this week's rock&roll studio adventure

You might recall a blog I posted a couple weeks ago regarding a "work for hire" song I was commissioned to write. Here's how that whole thing panned out:

I submitted my initial idea (the slow, Celtic-esque tune) to my editor, and he liked my acoustic demo of it. Then, the evening after I sent in the demo, I took my pre-bedtime shower, and as I shampooed my hair, I thought of a completely new and different song dealing with the same theme. So I jumped out of the shower, dried off, threw on my jammies, and jumped downstairs to the studio where I demoed a second idea....this whole new song came spewing out of my brain and into a finished acoustic demo recording in about 45 minutes. Now THAT'S what songwriting is supposed to be like!

This second idea was one of those magic songs that happens to songwriters occasionally. Simple, hooky, interesting, completely fresh, challenging, yet insightful, with that inexplicable "zing" of inspiration. I knew that THIS was the song to submit, and when I sent the new idea to my editor, he knew it, too....he told me in his email that when he first heard it he couldn't stop giggling (in a good way). That's how to do it.

SO, my original slow folky idea has been put on the creative shelf...maybe I'll use the melody and chords as scrap metal for the construction of a different song sometime. I'm thankful that I spent the time on that first idea, 'cause it greased the wheels and allowed me to vomit out the final product.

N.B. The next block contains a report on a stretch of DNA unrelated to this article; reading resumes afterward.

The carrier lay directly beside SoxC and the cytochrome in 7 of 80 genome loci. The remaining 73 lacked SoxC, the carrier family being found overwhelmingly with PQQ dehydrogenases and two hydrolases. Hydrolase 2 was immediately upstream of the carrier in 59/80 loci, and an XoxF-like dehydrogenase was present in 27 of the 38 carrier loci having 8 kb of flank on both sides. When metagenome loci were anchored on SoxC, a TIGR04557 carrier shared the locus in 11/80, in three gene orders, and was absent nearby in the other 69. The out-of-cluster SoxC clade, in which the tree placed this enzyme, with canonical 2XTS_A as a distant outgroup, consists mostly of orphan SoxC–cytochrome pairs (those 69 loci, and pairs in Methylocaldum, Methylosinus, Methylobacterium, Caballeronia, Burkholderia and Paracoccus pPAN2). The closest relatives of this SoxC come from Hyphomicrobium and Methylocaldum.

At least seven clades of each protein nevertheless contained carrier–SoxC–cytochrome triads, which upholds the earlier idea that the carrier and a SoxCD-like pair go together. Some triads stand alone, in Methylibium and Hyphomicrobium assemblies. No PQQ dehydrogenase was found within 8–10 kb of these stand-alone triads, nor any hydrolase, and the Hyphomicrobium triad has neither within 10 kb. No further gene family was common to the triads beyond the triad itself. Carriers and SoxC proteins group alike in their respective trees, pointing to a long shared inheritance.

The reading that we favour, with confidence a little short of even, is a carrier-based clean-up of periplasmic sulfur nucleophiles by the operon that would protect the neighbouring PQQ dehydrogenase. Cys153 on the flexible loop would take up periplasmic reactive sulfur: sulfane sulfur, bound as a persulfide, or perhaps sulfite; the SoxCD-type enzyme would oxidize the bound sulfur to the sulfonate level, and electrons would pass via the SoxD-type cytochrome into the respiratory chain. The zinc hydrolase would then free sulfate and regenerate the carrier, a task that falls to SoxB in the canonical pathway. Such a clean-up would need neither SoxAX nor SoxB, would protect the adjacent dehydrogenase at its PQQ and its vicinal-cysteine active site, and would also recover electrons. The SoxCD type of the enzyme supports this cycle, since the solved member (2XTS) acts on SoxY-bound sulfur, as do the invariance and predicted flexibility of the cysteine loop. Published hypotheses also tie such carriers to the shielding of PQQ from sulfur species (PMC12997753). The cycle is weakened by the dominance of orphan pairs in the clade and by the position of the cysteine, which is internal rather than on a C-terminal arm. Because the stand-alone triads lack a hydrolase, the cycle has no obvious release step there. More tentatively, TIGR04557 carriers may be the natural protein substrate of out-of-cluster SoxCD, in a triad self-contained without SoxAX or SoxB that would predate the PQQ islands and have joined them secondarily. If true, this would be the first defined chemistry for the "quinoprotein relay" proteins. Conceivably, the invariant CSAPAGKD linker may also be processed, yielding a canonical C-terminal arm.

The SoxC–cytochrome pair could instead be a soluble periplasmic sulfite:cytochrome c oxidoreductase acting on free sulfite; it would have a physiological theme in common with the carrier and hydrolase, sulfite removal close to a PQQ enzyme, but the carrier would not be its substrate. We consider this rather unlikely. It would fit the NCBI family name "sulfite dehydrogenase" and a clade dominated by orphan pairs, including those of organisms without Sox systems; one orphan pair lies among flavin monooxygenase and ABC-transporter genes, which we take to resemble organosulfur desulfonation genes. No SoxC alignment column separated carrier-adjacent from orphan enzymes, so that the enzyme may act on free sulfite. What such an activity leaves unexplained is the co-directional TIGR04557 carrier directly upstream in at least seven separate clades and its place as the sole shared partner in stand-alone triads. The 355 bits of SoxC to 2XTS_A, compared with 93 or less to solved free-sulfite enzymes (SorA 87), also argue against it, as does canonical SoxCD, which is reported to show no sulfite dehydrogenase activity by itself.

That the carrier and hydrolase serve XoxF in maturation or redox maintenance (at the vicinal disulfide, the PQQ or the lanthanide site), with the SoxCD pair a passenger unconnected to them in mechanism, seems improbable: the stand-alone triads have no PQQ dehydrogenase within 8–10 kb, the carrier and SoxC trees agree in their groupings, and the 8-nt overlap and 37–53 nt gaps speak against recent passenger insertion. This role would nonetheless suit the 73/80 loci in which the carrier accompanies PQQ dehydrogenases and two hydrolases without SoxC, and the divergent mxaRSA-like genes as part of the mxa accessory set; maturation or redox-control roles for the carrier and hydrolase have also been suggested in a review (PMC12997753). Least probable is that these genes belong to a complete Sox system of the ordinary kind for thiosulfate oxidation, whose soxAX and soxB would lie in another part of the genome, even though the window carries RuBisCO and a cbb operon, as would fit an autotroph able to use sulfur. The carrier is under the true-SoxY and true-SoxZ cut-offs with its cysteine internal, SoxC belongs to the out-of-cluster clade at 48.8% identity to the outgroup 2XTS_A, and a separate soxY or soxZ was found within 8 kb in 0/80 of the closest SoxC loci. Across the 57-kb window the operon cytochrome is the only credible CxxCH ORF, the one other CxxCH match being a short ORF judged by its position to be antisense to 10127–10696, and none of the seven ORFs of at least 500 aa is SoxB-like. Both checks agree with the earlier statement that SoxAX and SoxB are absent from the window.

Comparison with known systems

SO, knowing what song was the official project, I knew I had to turn in a final listener-ready recording of it by November 1st, so my editor could have it prepped for the consumer by early 2008. This past Wednesday I went in the studio to record the song, and I got to work with a couple local artists who I've been looking forward to utilizing for a long time.

Matt Patrick was the engineer and bassist, and is the owner/operator of a lovely new studio in South Minneapolis. Drums were provided by my Chicagoland pal Jimmy Olson...Jimmy and I lived in Chicago at the same time (and both of us have played music with Chi-Town heroes Dolly Varden), but we didn't get to hang out or work together until we both moved here to Minnesota.

First of all, Jimmy got his drums set up and organized down in the lower iso-room (seen in the above photo through the low window). Matt plugged in a bunch of cables and set up mics. I made a cheat sheet for my lyrics. Matt played bass and engineered simultaneously, and I sang a scratch vocal and played a scratch guitar part while standing in the control room. We banged through the song a few times to figure it out, and did three takes with the "tape" running. Take three was the magic one, and Jimmy's awesome fills and Matt's shifty bass playing had really nailed it. Then it was my turn: I went down into the isolation room and played a couple rhythm acoustic tracks (using my 1952 Gibson LG guitar), and then stood facing the corner to sing lead and harmony vocals.

It was the first time I really have sung ANYTHING since getting my tonsils removed about a month ago, and I must say, I felt a difference in my vocal ability. Even though I was a bit fatigued from weeks and weeks of not singing, my voice was more accurate than before! AND, I could easily sing up to the E above middle C, a note I used to have to "work for" back in the tonsil era. Engineer Matt even noticed the difference, commenting on how my vocals weren't nearly as thin as they were before. YAAY....I'm hoping that this is a reality: that now that my mouth has been detoxed, I'll have a more accurate, wider-ranged, and beefier singing voice!

After about four hours of work the basic tracks were done. Matt's gonna add an electric guitar track, and maybe some maracas, and then he'll have it mixed by next week, and I'll submit it to my editor ahead of schedule. Ahhh...a good feeling. And I'm really thrilled with the song. I've been playing it at home this week, and Paavo already knows how to sing along. He's the best focus group a pop songwriter could ask for. Come see me next month on my East Coast tour, and I'll be testing the song at every show.


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